A Comparative Analysis of Laboratory Parameters of Hospitalized COVID-19 Patients by Disease Severity and Mortality at a Facility in Ibadan, Nigeria
Analysis of Laboratory Parameters of Hospitalized COVID-19 Patients
Background: COVID-19, which is caused by the SARS-CoV-2 virus, is associated with abnormalities of biochemical parameters. There are indications that some of these biochemical parameters can differ according to the severity of the disease and the outcome of the infection. This study describes and compares laboratory findings among COVID-19 patients hospitalized at a facility in Southwestern Nigeria according to disease severity and mortality.
Methodology: Records of 223 patients with COVID-19 disease admitted between March 2020 and May 2021 were retrospectively collected. Socio-demographic characteristics, laboratory parameters, and patient outcomes were obtained. Patients were classified according to COVID-19 severity. Laboratory parameters were compared between patients with severe and non-severe disease and between survivors and non-survivors.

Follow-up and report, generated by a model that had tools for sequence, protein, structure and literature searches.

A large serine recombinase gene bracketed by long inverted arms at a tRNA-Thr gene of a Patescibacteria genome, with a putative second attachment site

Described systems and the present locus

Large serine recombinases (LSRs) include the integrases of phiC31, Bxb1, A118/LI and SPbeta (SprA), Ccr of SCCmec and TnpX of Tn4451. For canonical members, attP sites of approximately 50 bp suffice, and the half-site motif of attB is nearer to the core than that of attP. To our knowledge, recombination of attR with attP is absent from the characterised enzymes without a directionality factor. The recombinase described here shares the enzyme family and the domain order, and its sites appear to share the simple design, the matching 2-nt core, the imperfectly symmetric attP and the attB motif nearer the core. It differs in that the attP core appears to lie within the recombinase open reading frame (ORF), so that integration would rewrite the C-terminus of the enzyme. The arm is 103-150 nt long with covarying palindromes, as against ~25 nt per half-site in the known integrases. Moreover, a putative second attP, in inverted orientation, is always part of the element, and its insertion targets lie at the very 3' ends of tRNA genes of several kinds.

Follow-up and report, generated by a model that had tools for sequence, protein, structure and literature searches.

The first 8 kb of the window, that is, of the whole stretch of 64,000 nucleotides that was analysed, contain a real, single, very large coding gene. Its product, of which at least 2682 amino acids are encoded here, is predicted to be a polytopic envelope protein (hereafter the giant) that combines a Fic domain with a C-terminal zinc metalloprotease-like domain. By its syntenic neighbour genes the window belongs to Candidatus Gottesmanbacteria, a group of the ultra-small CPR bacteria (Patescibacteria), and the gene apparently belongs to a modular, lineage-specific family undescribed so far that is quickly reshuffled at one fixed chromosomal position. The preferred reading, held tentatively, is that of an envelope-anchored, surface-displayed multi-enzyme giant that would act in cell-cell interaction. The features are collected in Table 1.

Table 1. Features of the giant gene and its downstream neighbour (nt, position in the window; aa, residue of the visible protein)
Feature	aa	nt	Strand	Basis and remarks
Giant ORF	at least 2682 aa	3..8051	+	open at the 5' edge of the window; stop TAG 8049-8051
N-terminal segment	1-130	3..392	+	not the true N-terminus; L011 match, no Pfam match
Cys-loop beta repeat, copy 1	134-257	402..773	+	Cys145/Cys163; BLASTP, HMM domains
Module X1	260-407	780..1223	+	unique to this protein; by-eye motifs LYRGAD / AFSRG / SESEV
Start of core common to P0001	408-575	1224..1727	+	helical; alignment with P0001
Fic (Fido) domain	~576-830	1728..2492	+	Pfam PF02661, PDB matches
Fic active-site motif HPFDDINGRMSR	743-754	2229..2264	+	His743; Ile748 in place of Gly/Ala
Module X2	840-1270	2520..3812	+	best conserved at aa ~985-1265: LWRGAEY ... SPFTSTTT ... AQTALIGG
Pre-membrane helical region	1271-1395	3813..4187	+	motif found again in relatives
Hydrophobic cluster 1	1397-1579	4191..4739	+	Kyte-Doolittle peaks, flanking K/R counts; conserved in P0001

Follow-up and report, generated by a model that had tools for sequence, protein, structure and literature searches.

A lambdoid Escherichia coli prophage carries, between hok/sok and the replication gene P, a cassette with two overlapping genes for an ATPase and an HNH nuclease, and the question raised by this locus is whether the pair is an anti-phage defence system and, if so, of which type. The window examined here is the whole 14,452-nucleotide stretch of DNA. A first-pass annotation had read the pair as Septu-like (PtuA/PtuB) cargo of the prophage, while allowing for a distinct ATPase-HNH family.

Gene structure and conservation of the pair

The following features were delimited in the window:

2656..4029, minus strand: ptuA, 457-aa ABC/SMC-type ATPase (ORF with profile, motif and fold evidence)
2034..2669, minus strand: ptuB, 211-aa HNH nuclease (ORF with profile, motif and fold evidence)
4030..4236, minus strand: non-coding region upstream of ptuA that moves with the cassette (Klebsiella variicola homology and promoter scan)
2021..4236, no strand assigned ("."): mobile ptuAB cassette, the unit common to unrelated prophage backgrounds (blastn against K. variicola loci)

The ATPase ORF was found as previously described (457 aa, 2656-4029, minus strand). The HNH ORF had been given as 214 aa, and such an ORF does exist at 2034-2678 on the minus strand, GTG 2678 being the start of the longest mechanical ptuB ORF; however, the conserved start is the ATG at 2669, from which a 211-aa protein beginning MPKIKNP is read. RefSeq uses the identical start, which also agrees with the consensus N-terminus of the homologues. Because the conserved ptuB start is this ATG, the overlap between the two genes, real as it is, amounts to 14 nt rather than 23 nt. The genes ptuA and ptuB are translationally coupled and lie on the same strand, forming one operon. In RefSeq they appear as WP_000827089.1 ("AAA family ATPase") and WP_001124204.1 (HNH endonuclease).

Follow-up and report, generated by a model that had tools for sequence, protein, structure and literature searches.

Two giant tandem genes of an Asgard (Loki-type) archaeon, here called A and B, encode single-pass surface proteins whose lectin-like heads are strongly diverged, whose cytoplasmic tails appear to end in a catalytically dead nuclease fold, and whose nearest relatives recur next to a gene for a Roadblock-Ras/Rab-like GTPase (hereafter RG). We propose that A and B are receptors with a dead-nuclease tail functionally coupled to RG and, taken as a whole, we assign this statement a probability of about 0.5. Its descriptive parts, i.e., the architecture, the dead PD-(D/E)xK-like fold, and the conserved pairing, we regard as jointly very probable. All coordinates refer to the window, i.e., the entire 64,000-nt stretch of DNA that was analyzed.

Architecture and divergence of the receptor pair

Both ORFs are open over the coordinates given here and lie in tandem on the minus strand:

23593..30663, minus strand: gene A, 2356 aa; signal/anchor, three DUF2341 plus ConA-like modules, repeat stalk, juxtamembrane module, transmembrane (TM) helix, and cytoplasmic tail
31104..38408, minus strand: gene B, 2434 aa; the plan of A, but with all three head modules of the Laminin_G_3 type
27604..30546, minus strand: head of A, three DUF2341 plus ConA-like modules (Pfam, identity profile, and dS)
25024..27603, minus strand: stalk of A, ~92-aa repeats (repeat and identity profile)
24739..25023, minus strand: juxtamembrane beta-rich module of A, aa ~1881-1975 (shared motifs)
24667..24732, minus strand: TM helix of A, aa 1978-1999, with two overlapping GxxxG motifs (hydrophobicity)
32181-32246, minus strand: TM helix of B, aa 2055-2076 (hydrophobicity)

Results: Of the 215 patients with some laboratory data included in the analysis, there were 133 (62%) males, and 56.7% were aged above 60 years. A total of 71.6% had severe COVID-19 and 48.4% died during hospitalization. The severe disease occurred significantly more frequently among non-survivors (P0.01). Higher leukocyte and neutrophil counts, urea levels, D-Dimer, and fasting blood glucose levels occurred significantly more frequently in both severe disease and mortality categories. Additionally, elevated GGT and CRP were significantly more common in those with severe than non-severe disease while lower haemoglobin, hematocrit, albumin, and higher creatinine levels were significantly more common in non-survivors.
Conclusion: Our study found that certain readily obtainable biochemical parameters occur more frequently with severe disease and/or mortality amongst patients hospitalized with COVID-19 in sub-Saharan Africa and might be useful for prognostication and allocation of resources.
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